IMF head Christine Lagarde must stand trial in France over a payment of €403 million (£340m) to tycoon Bernard Tapie, a French appeals court has ruled.
France's court rejected Lagarde's appeal against the decision to try her for negligence in her handling of the affair, which saw Bernard Tapie walk away with a massive payment in taxpayer money in 2008.
Bernard Tapie, a former French football team owner and some time pop star, won €403 million in 2008 in a case against the French public bank Crédit Lyonnais, after he said the bank undervalued his stake in Adidas. Christine Lagarde signed off on the payout as France's minister of Finance at the time.
Investigating judges later deemed the payout a “sham” after it was revealed that one of Tapie's lawyers had links to one of the judges.
Lagarde could risk a maximum penalty of one year in prison and a fine of €15,000 euros if convicted.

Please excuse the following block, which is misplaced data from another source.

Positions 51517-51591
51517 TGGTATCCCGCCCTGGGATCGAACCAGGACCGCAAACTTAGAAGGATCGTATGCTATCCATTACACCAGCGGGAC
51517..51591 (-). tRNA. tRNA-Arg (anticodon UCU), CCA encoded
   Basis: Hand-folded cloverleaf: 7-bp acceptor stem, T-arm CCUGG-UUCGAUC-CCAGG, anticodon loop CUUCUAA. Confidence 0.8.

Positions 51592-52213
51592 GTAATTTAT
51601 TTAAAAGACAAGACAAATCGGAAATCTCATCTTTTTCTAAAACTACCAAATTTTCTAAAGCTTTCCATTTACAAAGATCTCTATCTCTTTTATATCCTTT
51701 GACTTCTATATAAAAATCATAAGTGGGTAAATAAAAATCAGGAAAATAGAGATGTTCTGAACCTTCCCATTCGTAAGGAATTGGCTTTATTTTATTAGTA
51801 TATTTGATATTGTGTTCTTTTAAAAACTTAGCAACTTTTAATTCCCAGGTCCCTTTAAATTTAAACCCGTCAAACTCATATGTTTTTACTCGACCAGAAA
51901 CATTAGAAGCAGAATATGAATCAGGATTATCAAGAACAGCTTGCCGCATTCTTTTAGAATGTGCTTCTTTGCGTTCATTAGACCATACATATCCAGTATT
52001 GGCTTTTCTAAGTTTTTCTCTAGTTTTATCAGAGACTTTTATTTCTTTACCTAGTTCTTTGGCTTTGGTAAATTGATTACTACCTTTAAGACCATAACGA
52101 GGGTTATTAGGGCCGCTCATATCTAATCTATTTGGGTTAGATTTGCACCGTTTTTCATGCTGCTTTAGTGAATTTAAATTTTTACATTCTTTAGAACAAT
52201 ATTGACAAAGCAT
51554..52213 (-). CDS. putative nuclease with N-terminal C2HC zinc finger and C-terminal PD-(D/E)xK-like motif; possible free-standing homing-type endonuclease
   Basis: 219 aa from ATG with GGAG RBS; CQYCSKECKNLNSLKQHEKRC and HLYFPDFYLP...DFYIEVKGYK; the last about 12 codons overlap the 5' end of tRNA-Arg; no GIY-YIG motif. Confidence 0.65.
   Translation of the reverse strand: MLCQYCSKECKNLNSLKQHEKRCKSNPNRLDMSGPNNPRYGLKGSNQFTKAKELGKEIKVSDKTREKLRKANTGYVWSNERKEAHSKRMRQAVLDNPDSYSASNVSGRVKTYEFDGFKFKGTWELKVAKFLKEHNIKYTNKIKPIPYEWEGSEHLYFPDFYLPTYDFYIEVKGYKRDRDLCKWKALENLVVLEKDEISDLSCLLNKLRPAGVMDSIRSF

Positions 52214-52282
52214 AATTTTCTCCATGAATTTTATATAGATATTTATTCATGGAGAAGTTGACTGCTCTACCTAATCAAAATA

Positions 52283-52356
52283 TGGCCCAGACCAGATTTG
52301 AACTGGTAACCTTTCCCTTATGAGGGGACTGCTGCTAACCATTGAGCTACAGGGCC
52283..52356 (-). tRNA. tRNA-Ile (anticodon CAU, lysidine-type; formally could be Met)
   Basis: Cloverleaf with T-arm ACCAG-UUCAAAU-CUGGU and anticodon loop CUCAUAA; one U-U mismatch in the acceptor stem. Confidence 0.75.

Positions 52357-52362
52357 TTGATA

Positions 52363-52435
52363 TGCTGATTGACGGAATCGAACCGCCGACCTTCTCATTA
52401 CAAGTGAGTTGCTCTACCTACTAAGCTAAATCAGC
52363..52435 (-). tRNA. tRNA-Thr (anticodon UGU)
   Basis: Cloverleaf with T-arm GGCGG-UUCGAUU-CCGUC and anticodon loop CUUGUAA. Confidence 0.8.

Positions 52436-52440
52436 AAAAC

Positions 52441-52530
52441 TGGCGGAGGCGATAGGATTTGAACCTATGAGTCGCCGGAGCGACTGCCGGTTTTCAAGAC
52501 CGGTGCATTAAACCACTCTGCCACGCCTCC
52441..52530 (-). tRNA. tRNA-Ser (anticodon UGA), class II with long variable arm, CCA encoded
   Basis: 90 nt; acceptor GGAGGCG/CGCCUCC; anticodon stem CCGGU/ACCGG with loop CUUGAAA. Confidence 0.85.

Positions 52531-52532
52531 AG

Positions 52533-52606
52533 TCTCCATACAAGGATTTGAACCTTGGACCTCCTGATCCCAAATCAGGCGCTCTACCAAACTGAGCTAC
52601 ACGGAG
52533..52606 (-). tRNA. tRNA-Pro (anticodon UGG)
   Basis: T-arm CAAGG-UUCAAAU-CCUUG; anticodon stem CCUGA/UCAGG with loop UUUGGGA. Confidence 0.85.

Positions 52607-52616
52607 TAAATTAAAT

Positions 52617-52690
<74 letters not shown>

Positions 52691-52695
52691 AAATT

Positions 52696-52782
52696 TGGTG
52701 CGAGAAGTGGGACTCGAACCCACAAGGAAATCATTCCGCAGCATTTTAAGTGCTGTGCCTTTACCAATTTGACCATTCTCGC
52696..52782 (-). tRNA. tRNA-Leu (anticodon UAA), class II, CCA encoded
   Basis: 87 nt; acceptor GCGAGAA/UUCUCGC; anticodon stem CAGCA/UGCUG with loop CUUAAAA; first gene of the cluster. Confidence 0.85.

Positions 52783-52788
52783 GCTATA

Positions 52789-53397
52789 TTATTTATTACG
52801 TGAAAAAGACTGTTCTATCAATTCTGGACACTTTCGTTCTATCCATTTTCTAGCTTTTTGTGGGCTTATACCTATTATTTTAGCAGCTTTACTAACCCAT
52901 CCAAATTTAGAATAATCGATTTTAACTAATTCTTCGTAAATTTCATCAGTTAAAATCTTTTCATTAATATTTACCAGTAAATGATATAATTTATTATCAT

She is to stand trial at the Court de Justice de la Republique, which deals with ministers accused of crimes related to their positions.
Her lawyer Patrick Maisonneuve expressed regret over the decision and said he was convinced that the trial would show she was innocent.
“I am convinced that the court will find the allegations of negligence to be without merit,” he said in a statement.
Stephane Richard, Orange chief executive, was also investigated by French police in connection with the Tapie payout. He was Lagarde's chief of staff when she was finance minister.
In January, the International Monetary Fund has appointed Christine Lagarde for a second term as managing director, despite the threat of the trial looming over her.
Lagarde, 60, who was the only candidate, was backed by the UK, Germany, China, and her home country, France, to stay on for another five years.